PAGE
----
Because, video games.
That's the answer I give to my kids when they ask me how any of these weird, inconsistent events could have just occurred on the screen in front of them. Why does this thing start on fire and this thing not? Why did that character just warp through the geometry of the floor? Why can I fly in this game but not in this other one?
Because, video games.
To someone who doesn't play these games, I think it can probably appear arbitrary. Anyone who has been playing games for a while will negotiate the internal logic of each imaginary world, almost by feel. It may be slightly chaotic, but there is a language internal to video games. Like all languages, it is living and plastic. The etymology is strange and meandering. The current syntax is unfinished and shows no signs of logical design.
Similarly, the language of modern sport is internally consistent, but complete nonsense. I regularly strap sharpened metal blades to my feet, and clothed in plastic and foam armour, collide at 20km an hour with other grown men. When witnessed by an outsider this has to seem completely bonkers. It is. But it's also a lot of fun.
I just finished playing Bioshock Infinite. The characters in the game are exceptionally well written and performed. The story is decent, not withstanding a few unrealized plot threads and a few holes patched over with "handwavium", it's on the level of your better, high concept sci-fi films. Better, but not best. Inception, not Bladerunner. Then there is the shooting.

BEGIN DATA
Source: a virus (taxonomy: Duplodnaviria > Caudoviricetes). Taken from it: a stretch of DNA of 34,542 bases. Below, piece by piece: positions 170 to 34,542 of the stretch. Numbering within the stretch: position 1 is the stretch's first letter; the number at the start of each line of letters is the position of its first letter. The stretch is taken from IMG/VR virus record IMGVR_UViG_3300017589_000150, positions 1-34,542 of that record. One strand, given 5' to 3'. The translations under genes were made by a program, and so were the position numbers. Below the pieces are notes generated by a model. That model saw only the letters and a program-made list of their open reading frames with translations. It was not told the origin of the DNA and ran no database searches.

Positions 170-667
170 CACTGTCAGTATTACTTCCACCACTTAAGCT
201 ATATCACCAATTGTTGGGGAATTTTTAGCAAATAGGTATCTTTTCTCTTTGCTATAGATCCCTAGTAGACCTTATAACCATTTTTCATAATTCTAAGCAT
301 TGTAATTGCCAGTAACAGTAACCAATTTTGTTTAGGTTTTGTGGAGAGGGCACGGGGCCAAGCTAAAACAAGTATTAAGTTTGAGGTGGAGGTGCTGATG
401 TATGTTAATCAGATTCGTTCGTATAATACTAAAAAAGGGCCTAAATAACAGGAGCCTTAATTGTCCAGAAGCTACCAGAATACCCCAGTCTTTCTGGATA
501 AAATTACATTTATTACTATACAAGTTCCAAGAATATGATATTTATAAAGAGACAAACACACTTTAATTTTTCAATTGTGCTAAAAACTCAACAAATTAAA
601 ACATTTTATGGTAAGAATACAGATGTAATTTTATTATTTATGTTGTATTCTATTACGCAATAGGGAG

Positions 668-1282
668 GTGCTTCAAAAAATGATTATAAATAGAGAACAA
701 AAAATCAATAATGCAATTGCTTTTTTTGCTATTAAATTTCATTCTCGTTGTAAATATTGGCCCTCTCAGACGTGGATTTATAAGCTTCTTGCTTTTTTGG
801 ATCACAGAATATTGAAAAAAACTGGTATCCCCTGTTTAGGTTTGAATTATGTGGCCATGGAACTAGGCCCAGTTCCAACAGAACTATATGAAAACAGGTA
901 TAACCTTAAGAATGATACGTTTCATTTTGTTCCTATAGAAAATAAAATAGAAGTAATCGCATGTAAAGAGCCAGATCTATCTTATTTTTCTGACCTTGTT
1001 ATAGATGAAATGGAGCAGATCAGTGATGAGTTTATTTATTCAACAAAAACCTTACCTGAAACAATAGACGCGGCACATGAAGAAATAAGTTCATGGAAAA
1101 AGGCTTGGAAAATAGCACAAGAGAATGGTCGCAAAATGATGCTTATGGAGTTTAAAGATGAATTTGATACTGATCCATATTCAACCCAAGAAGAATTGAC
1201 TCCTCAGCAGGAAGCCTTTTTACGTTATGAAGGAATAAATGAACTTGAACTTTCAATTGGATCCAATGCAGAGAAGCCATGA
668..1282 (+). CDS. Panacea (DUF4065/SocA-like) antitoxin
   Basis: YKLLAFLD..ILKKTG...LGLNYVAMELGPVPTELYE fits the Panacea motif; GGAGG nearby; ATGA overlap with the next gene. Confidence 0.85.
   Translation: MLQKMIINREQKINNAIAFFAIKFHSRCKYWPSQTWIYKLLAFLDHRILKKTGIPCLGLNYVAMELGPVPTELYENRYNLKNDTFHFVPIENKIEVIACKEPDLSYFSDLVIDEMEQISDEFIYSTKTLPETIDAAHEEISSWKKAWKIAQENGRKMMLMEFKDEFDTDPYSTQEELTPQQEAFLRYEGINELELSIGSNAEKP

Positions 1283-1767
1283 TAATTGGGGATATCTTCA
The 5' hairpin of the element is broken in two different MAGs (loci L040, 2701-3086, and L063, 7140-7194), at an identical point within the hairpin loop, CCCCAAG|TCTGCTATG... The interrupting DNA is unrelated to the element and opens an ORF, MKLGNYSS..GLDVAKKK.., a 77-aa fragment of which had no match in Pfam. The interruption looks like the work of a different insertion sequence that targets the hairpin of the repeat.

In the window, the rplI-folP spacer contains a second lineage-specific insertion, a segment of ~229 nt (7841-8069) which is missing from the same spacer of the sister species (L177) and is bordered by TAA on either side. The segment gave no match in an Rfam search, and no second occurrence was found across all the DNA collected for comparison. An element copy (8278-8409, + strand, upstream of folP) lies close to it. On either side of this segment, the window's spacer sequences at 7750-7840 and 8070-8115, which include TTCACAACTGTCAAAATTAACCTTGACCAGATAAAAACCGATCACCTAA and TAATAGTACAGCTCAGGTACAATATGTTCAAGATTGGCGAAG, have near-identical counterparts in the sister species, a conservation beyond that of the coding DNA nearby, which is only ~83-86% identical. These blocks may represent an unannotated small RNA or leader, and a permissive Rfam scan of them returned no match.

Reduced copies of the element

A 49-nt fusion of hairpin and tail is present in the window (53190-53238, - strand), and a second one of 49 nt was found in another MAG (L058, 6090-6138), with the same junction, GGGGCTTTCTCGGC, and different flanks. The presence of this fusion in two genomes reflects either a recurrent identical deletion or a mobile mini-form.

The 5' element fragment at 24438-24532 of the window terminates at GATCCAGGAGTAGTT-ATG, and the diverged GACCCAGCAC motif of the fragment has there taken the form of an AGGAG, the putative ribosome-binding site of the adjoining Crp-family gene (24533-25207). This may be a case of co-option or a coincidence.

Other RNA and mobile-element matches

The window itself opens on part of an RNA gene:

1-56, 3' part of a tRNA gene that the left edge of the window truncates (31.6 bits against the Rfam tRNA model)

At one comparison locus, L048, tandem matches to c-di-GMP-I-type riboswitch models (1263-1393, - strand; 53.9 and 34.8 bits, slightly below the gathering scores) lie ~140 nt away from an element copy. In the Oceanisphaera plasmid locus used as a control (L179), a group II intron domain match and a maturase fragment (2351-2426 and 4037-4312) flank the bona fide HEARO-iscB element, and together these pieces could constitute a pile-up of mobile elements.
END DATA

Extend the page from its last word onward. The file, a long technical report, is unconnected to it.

Bioshock Infinite is the latest in a series of excellent first person shooter games. The language of the first person shooter is fairly well defined, but it grows and changes with each successive title. It's a living language. It carries the baggage of its evolution, like a language does. Crates and barrels populate the first person shooter in numbers unmatched by the busier port cities of history. More combatants fall in battle, than the worst military massacres. Usually at the hands of the protagonist. These are the phonetics of the first person shooter. Because, video games.
Film carries, in its language, methods of expressing compression of time, rapid traversal of space, and connecting characters with concepts using editing, lighting, and sound. None of this is realistic in any way, but it is a language spoken and understood by pretty much everyone. You will get that occasional viewer who constantly asks what just happened, not realizing that there are no extra scenes contained between the cuts. The story is being told deliberately, as the filmmakers intended. They have the same information as everyone else. The stories are told this way, because, movies.